UK Finance Minister Suggests Blockchain Solution for Borders: Controversy Ensues

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What could have been an off-the-cuff remark from the UK current financial minister has caused quite a stir. Philip Hammond told the Conservative Party conference that blockchain could be the solution to the border issues surrounding Brexit and Ireland.

Mr. Hammond was quoted as saying, “There is technology becoming available (…) I don’t claim to be an expert on it but the most obvious technology is blockchain (for managing the Irish border).” This somewhat enigmatic statement has left many wondering if the Finance Minister has something blockchain related up his sleeve. Others have been critical of blockchain’s ability to smooth over border issues, both in Ireland, and internationally.

Blockchain Border Control

There is no doubt that the UK is facing some difficult questions when it comes to their borders in a post-Brexit world. The Irish border is especially touchy, as any sort of “hard-border” would require a heightened level of security. High security borders within Ireland isn’t politically tenable, as it would bring up some of the issues that Ireland has moved past.

Some Think Philip Hammond is Flat Wrong

According to Vili Lehdonvirta, who is an associate professor as well as a senior research fellow at the University of Oxford, blockchain is a non-starter for border solutions. He told Cointelegraph that, “In my assessment there is zero chance that blockchain technology will help deliver a ‘frictionless’ border between Northern and the Republic of Ireland.”

Mr. Lehdonvirta took a harsh stance towards Philip Hammond’s idea, saying that,

“Blockchain has become this magical buzzword that people like Philip Hammond who don’t know what they’re talking about are pinning all kinds of hopes and dreams on. I think the onus is on the proponents to explain how blockchain tech could possibly help here. For starters, we would need to know what exactly is meant by “blockchain” here. If it means a Bitcoin-style peer-to-peer proof-of-work system, then obviously throughput and latency will be big issues, against what expected benefit?”

To Mr. Hammond’s credit, he did admit that he knew little of how blockchain works, which would suggest that he doesn’t have a firm plan in place for blockchain-based Brexit border solutions. Proof-of-work systems probably a viable solution for a public border control system, as they rely on sometimes expensive and slow transactions to function. Both Bitcoin and Ethereum struggle to deliver more than 20 transactions per second, which would be far to slow for a busy border.

Private Blockchains Aren’t Groundbreaking?

Vili Lehdonvirta was clearly not impressed by Philip Hammond’s blockchain ideas. But he also doesn’t see permissioned blockchains as being anything special either. In regards to using blockchain on a UK border, Mr. Lehdonvirta said that, “If it means IBM-style permissioned blockchain, then that’s essentially just a shared database, nothing particularly groundbreaking about that.”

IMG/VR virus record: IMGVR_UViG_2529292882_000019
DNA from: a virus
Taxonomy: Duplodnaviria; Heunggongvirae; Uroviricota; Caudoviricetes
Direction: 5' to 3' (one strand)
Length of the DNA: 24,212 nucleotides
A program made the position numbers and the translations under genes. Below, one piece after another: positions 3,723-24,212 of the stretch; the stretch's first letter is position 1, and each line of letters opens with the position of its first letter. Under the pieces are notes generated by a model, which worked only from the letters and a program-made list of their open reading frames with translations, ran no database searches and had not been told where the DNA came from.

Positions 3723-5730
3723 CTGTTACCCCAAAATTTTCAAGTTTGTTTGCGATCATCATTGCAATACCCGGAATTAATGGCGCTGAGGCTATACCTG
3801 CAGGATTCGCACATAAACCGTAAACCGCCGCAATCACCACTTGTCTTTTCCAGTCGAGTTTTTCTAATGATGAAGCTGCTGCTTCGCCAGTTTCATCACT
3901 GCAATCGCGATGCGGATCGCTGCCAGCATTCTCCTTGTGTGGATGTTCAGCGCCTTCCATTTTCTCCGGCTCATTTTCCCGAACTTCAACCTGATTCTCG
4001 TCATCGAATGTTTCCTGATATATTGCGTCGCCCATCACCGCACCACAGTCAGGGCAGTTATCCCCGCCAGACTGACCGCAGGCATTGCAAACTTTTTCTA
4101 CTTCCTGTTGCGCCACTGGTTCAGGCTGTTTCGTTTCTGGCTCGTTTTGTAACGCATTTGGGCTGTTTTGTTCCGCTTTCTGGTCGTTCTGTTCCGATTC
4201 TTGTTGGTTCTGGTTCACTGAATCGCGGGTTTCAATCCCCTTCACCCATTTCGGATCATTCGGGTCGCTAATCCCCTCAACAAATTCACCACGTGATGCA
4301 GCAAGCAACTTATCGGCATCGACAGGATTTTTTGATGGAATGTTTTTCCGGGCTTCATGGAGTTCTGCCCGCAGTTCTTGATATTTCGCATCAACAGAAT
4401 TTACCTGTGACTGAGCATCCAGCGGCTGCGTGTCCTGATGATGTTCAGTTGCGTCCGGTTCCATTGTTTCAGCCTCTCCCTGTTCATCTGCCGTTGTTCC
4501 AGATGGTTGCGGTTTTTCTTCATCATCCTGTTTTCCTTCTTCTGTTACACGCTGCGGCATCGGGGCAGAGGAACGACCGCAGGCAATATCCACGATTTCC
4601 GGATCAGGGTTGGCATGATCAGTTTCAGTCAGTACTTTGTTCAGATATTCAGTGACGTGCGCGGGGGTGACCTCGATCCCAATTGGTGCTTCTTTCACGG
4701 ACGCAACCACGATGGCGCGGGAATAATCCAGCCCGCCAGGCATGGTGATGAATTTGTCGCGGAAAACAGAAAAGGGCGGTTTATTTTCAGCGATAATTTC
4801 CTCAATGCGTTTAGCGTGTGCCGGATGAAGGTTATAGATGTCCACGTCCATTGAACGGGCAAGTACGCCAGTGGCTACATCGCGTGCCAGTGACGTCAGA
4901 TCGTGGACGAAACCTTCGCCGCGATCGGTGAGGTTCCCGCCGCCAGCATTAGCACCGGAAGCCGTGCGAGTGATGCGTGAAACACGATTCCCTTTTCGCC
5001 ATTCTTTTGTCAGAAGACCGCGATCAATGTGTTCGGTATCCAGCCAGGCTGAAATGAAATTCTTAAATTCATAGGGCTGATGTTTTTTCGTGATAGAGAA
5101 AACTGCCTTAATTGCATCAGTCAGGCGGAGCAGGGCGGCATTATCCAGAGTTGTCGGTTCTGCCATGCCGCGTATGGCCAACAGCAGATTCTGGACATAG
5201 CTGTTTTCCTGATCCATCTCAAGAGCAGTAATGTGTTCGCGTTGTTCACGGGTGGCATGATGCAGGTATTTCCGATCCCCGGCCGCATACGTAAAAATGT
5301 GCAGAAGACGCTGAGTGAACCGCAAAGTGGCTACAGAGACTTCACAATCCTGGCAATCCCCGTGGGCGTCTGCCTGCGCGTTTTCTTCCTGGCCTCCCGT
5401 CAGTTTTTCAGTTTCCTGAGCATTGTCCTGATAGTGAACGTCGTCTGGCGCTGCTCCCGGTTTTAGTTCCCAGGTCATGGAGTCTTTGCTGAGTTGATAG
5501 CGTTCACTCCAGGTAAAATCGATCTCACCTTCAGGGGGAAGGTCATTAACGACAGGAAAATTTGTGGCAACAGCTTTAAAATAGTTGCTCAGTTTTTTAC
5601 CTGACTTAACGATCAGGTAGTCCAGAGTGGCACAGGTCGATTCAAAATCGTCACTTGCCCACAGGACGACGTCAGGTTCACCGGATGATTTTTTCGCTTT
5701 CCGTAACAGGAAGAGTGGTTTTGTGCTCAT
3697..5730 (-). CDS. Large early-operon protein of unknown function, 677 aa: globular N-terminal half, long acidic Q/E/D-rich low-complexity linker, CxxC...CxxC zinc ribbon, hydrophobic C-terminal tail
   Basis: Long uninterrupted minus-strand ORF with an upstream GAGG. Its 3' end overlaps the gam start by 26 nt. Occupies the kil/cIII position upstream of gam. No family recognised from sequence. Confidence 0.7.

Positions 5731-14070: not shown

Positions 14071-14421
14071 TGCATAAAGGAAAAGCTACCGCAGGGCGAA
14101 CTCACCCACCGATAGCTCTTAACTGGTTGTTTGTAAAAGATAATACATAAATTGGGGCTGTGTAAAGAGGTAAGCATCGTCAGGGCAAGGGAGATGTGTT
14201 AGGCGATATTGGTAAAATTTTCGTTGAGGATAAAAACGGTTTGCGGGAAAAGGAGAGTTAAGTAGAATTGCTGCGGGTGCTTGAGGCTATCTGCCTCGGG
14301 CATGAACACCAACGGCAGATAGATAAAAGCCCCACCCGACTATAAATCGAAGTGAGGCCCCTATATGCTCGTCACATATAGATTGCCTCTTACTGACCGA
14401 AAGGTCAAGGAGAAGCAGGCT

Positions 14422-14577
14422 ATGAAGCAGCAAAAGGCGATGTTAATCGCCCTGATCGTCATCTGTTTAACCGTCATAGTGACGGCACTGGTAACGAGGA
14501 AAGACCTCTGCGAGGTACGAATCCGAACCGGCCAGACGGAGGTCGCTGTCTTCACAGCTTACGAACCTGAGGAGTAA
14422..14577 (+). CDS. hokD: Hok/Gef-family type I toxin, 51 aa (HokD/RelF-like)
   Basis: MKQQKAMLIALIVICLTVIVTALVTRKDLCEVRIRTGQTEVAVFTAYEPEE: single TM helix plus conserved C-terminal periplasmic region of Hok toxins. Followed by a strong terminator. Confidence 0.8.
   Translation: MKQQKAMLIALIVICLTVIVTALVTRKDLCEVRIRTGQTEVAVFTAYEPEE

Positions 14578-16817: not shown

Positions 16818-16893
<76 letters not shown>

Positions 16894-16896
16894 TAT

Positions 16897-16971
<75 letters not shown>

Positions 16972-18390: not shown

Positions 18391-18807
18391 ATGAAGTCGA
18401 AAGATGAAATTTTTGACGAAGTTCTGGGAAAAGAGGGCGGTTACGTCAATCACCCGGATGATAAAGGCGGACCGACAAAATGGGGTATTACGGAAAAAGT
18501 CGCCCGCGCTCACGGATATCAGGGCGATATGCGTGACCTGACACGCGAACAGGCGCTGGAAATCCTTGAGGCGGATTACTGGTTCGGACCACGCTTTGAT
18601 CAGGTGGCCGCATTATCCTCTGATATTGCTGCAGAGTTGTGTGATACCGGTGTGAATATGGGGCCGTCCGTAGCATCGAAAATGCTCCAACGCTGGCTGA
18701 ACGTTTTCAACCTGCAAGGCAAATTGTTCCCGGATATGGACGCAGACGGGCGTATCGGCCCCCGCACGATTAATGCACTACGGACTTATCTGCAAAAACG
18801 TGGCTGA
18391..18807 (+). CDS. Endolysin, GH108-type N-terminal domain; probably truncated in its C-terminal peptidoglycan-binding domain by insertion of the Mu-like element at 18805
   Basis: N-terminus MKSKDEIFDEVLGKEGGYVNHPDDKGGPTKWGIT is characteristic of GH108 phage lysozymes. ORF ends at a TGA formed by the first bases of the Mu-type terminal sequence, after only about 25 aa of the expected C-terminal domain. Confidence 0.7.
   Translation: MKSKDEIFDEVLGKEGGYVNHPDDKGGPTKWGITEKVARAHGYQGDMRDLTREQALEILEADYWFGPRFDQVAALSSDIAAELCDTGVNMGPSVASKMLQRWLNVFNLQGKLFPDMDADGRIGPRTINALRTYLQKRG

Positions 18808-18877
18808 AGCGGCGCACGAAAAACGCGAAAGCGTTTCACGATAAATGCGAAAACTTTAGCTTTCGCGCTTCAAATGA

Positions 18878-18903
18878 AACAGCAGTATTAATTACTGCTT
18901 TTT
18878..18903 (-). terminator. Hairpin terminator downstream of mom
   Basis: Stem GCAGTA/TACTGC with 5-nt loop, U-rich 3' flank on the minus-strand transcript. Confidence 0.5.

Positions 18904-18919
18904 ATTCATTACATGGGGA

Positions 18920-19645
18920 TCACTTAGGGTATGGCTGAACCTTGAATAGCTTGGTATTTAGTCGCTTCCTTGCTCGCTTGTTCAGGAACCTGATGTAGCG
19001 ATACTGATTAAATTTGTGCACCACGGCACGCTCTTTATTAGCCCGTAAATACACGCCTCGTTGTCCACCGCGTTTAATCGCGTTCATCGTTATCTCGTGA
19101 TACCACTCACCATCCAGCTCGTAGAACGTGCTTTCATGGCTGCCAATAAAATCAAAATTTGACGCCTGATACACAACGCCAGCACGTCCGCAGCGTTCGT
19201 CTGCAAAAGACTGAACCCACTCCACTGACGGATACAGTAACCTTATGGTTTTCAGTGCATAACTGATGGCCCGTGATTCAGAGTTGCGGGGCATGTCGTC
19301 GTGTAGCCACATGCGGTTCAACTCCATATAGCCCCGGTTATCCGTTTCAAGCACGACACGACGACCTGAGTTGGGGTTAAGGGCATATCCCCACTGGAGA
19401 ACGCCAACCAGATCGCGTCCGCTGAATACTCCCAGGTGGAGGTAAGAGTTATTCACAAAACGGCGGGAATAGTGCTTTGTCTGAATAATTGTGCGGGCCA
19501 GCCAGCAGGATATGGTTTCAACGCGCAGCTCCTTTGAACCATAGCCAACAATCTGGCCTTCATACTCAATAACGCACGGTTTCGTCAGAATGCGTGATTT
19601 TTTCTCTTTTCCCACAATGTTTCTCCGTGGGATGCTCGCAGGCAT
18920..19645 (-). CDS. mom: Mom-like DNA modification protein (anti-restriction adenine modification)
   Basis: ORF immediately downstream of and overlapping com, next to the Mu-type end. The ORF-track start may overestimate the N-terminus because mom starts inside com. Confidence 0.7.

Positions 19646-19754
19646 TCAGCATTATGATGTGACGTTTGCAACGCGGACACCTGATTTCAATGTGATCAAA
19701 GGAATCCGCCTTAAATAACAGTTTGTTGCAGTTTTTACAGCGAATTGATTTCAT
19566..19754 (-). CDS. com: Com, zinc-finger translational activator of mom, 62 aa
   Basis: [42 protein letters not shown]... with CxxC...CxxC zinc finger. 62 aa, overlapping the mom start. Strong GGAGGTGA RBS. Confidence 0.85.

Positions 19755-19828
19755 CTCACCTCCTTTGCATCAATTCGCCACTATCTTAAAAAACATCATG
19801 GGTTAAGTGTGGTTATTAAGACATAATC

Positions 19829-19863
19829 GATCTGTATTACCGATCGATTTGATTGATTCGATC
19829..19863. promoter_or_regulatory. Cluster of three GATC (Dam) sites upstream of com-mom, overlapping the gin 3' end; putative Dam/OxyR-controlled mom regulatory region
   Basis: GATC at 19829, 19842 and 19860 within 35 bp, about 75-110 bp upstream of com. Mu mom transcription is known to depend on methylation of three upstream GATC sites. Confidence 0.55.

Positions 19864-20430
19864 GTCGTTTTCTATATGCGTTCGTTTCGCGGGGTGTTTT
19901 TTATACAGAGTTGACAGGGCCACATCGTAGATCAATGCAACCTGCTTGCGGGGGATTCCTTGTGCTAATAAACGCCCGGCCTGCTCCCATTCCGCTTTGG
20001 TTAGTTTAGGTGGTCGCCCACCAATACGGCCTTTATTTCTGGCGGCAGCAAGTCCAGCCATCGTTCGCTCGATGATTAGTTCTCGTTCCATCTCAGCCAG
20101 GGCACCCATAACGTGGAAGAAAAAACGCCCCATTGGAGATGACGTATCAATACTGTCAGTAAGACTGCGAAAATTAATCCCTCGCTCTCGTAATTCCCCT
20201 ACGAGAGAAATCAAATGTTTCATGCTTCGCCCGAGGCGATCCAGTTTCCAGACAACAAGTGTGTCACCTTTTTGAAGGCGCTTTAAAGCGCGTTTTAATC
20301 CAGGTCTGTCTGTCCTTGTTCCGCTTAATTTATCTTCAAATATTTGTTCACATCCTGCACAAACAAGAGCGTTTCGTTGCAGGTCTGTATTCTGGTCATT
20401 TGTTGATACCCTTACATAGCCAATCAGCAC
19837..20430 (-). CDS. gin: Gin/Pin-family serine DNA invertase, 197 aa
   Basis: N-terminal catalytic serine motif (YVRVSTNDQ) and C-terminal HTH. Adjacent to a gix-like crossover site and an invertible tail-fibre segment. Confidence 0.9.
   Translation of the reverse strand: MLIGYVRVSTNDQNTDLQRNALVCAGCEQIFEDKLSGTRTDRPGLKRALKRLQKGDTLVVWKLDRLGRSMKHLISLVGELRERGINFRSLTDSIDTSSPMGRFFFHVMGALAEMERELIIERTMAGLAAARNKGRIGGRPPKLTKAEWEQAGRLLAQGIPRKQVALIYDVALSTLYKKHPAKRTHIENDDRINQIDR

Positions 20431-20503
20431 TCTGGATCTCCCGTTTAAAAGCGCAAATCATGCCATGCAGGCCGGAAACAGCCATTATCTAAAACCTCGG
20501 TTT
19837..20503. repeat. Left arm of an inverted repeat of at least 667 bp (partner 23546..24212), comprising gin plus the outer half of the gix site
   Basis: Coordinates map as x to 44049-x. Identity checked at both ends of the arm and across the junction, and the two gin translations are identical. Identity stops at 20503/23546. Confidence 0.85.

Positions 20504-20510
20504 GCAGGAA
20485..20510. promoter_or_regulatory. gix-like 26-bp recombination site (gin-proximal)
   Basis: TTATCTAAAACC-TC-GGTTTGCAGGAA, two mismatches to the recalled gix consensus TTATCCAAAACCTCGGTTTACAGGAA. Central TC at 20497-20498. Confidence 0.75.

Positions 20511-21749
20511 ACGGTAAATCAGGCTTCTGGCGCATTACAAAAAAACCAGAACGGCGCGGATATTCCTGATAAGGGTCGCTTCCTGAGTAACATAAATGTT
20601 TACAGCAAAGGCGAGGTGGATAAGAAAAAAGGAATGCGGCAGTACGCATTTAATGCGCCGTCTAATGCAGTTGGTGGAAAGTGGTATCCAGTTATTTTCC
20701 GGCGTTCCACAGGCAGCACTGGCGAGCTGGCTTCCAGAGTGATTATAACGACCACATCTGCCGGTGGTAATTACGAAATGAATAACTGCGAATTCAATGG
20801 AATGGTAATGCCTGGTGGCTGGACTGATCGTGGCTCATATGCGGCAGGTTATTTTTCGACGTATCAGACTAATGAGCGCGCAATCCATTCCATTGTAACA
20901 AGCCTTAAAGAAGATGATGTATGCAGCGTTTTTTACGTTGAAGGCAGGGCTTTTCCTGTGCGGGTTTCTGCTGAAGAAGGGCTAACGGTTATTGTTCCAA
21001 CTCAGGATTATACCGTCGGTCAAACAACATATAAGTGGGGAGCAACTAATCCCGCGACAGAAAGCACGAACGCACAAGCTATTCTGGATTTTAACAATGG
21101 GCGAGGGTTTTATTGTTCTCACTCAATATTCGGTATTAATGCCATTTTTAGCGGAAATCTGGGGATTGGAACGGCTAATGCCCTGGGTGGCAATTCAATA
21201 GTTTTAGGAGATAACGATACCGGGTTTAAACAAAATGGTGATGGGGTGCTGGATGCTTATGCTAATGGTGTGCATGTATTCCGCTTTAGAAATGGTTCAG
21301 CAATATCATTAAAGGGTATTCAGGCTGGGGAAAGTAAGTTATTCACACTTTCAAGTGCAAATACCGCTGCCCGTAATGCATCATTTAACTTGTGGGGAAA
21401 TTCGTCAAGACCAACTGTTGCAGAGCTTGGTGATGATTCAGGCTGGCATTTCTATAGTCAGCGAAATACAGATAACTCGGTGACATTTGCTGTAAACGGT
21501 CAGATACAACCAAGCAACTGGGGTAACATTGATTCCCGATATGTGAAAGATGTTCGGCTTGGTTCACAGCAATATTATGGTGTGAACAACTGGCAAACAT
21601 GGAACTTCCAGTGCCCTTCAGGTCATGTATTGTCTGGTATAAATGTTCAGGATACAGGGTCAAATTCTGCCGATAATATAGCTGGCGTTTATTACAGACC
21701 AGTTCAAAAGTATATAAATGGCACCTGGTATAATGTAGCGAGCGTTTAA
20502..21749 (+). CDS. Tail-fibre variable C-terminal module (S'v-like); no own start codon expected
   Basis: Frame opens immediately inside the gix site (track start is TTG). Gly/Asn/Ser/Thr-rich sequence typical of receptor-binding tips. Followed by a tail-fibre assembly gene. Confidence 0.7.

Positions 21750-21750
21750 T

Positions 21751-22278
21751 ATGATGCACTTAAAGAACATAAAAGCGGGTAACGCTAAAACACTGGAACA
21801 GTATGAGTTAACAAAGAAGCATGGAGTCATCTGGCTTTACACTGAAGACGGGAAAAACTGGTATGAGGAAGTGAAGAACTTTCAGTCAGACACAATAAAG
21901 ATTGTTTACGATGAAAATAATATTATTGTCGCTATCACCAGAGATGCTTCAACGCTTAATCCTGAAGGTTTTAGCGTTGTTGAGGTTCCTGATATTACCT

The idea that private blockchains don’t bring something new to the table may be off the mark. There is certainly no real world use-case scenarios to show that a private blockchain would be a good fit for a border, but numerous other applications do suggest that blockchain would make a fine system for border control, at least as a pilot project.

IBM’s blockchain architecture has been used for numerous applications that existing technology didn’t have the ability to handle. The latest collaboration between IBM and Walmart is evidence of this, but there are many other blockchain projects that would challenge Mr. Lehdonvirta’s opinion as well.

The Chief Analyst for GlobalData’s Technology Thematic Research Program, Gary Barnett, was also negative on blockchain as a solution for the UK border. He was quoted as saying. “Blockchain technology is not well suited to the processing of cross border trade. It is expensive, complex, and slow.” This assertions is also easily challenged, as blockchain has shown itself to be a much more efficient way to do any number of things, especially at-scale.

Today the biggest problem that blockchain faces in terms of widespread adoption isn’t technical. There is a tremendous amount of creative thinking in the blockchain development space, but in the public sphere, there seems to be significant fear when it comes to supporting the development of blockchain-based platforms.


Nicholas Say was born in Ann Arbor, Michigan. He has traveled extensively, lived in Uruguay for many years, and currently resides in the Far East. His writing can be found all over the web, with special emphasis placed on realistic development, and the next generation of human technology. Contact

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